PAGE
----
Canada is on track to host just one provincial election in 2017: In British Columbia, the right-leaning Liberal Party, under the leadership of Premier Christy Clark, will vie for a fifth consecutive term in power. The most recent opinion polling suggests that the center-left New Democrats, with untested leader John Horgan at the helm, may be competitive. However, it's important to note that opinion polling badly underestimated the Liberal Party's strength the last time around. The vote is tentatively scheduled to be held on May 9.
Elsewhere, the major action in Canadian electoral politics will be found in several key party leadership races. On May 27, federal Conservative Party members will vote to select a new leader in the wake of former Prime Minister Stephen Harper's defeat (and subsequent resignation from Parliament) in the 2015 election. Yes, that means an astounding 586 days will have passed between Harper's loss and the Tories finally choosing a new chief, and as befits this rudderless state of affairs, the current field is 13 candidates deep and rather muddled.
However, two names in particular have garnered an outsized share of attention. The first belongs to Kellie Leitch, a member of Parliament from Ontario who breathlessly celebrated Donald Trump's victory as an "exciting message and one that we need delivered in Canada as well." Unsurprisingly, she's also advocated for aggressively screening prospective immigrants to the country to make sure they embrace "Canadian values."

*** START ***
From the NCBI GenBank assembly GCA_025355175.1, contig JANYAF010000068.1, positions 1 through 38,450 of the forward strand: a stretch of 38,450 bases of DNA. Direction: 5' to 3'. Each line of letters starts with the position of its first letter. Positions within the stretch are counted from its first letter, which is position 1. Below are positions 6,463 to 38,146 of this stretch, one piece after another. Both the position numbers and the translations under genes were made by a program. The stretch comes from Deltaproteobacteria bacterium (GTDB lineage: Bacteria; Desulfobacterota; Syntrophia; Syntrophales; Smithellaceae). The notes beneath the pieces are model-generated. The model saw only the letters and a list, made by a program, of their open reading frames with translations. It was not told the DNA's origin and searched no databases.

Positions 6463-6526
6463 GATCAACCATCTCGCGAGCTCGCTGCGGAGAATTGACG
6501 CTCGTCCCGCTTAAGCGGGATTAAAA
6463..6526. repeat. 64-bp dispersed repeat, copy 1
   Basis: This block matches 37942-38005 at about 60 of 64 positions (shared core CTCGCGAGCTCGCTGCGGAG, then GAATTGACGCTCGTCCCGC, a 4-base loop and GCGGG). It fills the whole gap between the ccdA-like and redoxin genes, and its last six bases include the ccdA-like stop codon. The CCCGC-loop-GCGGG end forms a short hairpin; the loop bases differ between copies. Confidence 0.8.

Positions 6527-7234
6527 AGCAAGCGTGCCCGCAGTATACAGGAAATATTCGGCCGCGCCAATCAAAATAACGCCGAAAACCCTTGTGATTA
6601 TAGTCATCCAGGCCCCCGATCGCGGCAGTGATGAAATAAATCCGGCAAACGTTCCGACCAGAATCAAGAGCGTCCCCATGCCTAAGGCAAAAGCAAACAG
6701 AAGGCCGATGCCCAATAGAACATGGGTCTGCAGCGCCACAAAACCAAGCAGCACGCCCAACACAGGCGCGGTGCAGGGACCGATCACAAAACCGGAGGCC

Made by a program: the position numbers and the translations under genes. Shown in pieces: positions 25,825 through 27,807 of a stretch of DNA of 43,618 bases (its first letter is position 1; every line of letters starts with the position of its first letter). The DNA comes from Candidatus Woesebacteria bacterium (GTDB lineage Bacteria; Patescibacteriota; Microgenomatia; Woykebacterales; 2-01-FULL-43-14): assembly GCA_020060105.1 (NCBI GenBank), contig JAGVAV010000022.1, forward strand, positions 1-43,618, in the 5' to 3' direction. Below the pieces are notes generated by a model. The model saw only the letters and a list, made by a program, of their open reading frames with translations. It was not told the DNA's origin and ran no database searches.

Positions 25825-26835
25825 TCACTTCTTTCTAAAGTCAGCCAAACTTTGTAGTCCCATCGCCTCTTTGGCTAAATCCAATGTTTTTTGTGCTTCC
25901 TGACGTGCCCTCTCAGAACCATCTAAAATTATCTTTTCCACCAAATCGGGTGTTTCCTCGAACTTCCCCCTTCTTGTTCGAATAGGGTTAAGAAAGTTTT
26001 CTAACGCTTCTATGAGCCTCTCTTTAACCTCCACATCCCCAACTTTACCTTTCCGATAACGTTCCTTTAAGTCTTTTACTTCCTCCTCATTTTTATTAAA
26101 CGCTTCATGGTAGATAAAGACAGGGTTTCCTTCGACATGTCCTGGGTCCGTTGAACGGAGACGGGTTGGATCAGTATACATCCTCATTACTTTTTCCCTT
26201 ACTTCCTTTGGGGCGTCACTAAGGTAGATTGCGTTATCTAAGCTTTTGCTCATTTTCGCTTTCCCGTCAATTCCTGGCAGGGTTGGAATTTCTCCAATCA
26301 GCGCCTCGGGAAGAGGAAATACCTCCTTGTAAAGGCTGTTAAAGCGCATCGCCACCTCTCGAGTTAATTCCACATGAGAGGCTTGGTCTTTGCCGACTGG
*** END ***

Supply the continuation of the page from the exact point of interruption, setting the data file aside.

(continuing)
The second prominent contender, Kevin O'Leary, is a wealthy investor best known for his starring roles on CBC Television's Dragons' Den and its (inferior) U.S. counterpart, Shark Tank. Incredibly, O'Leary may in some ways be even Trumpier than Leitch, given his penchant for self-aggrandizing bluster and verbal bullying. O'Leary has yet to actually enter the race, but he's promised that a formal decision will be coming soon. The success (or hopefully lack thereof) of these two candidates will be the first true test of Canada's immunity to the Trump virus.
Meanwhile, the left-leaning New Democratic Party, after seeing its support crumble in the 2015 federal elections, will also be voting for a new leader. Last spring, its members had the opportunity to continue under the leadership of Thomas Mulcair but instead voted to hold a leadership contest. Peter Julian, a member of Parliament from British Columbia, is the only candidate to formally enter the race for this challenging job, but there's still plenty of time for additional names to enter the fray before voting begins in September.
A little further down the ballot, Alberta's Progressive Conservative Party will select a new leader on March 18. The center-right PCs held power in Alberta for a remarkable 44 consecutive years before being defeated in a landslide by Rachel Notley's left-leaning New Democratic Party in 2015. That loss came in part thanks to the upstart right-wing Wildrose Party, which cannibalized votes from the PCs' right flank.
The candidate to watch in this particular contest is Jason Kenney, a veteran federal lawmaker and former cabinet minister in Stephen Harper's Conservative government. Kenney, known as a staunch fiscal and social conservative, is running on a platform of merging the PCs and his ideological brethren in the Wildrose Party under one banner. If Alberta's right-wing forces finally do reunite as Kenney desires, Rachel Notley's odds of winning a second term in 2019 will almost certainly get a lot tougher.
Even further down the ballot, several major Canadian cities will also hold mayoral elections this year, including Edmonton and Calgary on October 16, and Montreal and Quebec City on November 5.
● The Bahamas – parliament (May)